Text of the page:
Vladimir ''Vlad'' Vladimirovich Putin (born 7 October 1952) was Prime Minister of Russia from 9 August 1999 to 7 May 2000 (succeeding Sergei Stepashin and preceding Mikhail Kasyanov) and from 8 May 2008 to 7 May 2012 (succeeding Viktor Zubkov and preceding Dmitry Medvedev) and President from 31 December 1999 to 7 May 2008 (succeeding Boris Yeltsin and preceding Medvedev) and from 7 May 2012 to 10 August 2015 (succeeding Medvedev and preceding Vorshevsky) and from 12 January 2017 (succeeding Vorshevsky) Putin, a former KGB colonel, rose to power in the aftermath of Yeltsin's resignation, and he founded the big tent United Russia party as a vehicle for his authoritarian rule. He was infamous for his suppression of the press, his jailing or killing of opponents, and for his alleged meddling in the politics of other countries, notably sabotaging Democratic Party presidential nominee Hillary Clinton's campaign during the United States2016 presidential election.

Biography

Rise to power

Vladimir Putin was born in Leningrad, Russian SFSR, Soviet Union on 7 October 1952 to Atheist father and Orthodox mother. He graduated from Leningrad State University in 1975 with a law degree, and he served as a KGB foreign intelligence officer for 16 years and rose to the rank of Lieutenant Colonel. He resigned in 1991 to enter politics in Saint Petersburg, and he worked for the Mayor's office until he decided to move to Moscow in 1996. There, he helped to oversee the transition of property from the USSR and the CPSU to the Russian Federation, and he was appointed to Boris Yeltsin's presidential staff. In 1998, Putin was appointed head of the FSB intelligence security service, which was the successor to the KGB. He continued to rise in the ranks until he was appointed Prime Minister in 1999, and, when the unpopular Yeltsin resigned on 31 December 1999, Putin became acting president.

First presidency

Between 2000 and 2004, Putin reached a "grand bargain" with his country's powerful oligarchs, allowing for them to maintain most of their powers in exchange for their political support. Putin also oversaw the initiation of the Second Chechen War, which he had allegedly instigated with an FSB false flag operation in 1999 in the "Russian apartment bombings". In 2004, Putin was re-elected to the presidency with 71% of the vote, and his handling of the Moscow theater hostage crisis led to his approval rating rising to 83%. In 2005, he launched projects to improve his country's healthcare, education, housing, and agriculture, but, at the same time, he persecuted political opponents such as Mikhail Khodorkovsky, who was accused of fraud and tax evasion in retribution for his support of Putin's liberal and communist opposition. The 2006 murder of journalist Anna Politkovskaya led to widespread protests a year later, and Putin dissolved the State Duma in response; his party, United Russia, was re-elected to power with 64.24% of the popular vote, continuing to enjoy popular support.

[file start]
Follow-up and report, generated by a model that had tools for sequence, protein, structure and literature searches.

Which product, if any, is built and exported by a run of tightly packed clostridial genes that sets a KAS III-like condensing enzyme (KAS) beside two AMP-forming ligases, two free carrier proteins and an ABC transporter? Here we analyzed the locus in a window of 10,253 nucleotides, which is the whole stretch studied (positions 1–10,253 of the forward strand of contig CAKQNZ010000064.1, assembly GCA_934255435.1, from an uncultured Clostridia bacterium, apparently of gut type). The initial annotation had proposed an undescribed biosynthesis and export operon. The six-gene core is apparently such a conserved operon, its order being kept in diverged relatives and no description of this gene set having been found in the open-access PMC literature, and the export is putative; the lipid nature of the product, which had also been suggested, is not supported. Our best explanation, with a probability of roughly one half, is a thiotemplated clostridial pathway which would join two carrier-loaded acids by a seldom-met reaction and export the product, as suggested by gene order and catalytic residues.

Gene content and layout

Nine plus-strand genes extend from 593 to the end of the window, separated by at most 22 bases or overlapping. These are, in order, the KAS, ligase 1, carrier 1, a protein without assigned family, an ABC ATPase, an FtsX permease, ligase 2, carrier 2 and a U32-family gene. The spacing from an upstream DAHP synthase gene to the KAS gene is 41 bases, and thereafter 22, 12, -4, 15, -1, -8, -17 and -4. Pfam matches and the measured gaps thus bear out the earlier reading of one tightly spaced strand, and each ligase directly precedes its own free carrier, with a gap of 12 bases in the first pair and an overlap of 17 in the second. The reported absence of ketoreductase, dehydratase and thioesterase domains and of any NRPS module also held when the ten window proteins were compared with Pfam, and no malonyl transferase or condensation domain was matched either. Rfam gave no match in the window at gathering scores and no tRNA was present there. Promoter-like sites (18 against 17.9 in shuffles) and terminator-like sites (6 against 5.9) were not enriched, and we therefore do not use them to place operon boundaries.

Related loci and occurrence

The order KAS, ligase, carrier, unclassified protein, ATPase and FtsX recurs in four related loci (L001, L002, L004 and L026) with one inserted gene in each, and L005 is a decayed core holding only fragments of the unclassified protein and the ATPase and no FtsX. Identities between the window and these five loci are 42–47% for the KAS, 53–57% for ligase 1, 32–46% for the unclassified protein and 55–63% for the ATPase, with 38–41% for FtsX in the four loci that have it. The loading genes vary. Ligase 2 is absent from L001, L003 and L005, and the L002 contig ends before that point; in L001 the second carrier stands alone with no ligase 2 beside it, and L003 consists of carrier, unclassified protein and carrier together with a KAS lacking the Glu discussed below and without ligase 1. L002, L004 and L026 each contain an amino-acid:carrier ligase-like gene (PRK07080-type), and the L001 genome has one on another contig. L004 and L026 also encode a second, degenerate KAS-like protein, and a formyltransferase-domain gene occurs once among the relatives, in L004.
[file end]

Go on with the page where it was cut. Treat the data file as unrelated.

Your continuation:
Premiership

Putin was barred from a third term by the Constitution, so he maintained his political domination by switching power with his Prime Minister, Dmitry Medvedev, becoming Medvedev's Prime Minister after Medvedev became President. Putin overcame the consequences of the world economic crisis and oversaw the stabilization of Russia's population following a long period of demographic collapse, leading to continued popularity.

Third presidency

In 2011, Medvedev announced that United Russia would nominate Putin as its presidential candidate, and Putin once again switched power with Medvedev, who became his Prime Minister after Putin won the election with 63.6% of the vote in an election widely seen as rigged. Protests against Putin were met by even larger pro-Putin rallies, and Putin was able to continue leading the country as its semi-authoritarian leader. He banned the LGBT rainbow flag and published works containing homosexual content, founded the All-Russia People's Front as a potential future successor to the increasingly unpopular United Russia party, oversaw the military annexation of the Crimea from Ukraine in 2014, sent soldiers and supplies to assist the pro-Russian separatist states in eastern Ukraine in the Donbass War, authorized the use of Russian airstrikes and special forces to support Bashar al-Assad's Syrian regime during the Syrian Civil War in 2015, ordered an influence campaign to denigrate Democratic Party presidential candidate Hillary Clinton during the United States' 2016 presidential election, and oversaw the creation of a powerful Russian cyberwarfare force. Failing oil prices coupled with international sanctions imposed following the 2014 Crimean Crisis led to the Russian economy entering a recession until 2016, and Putin was re-elected as President in March 2018 with 76% of the vote.

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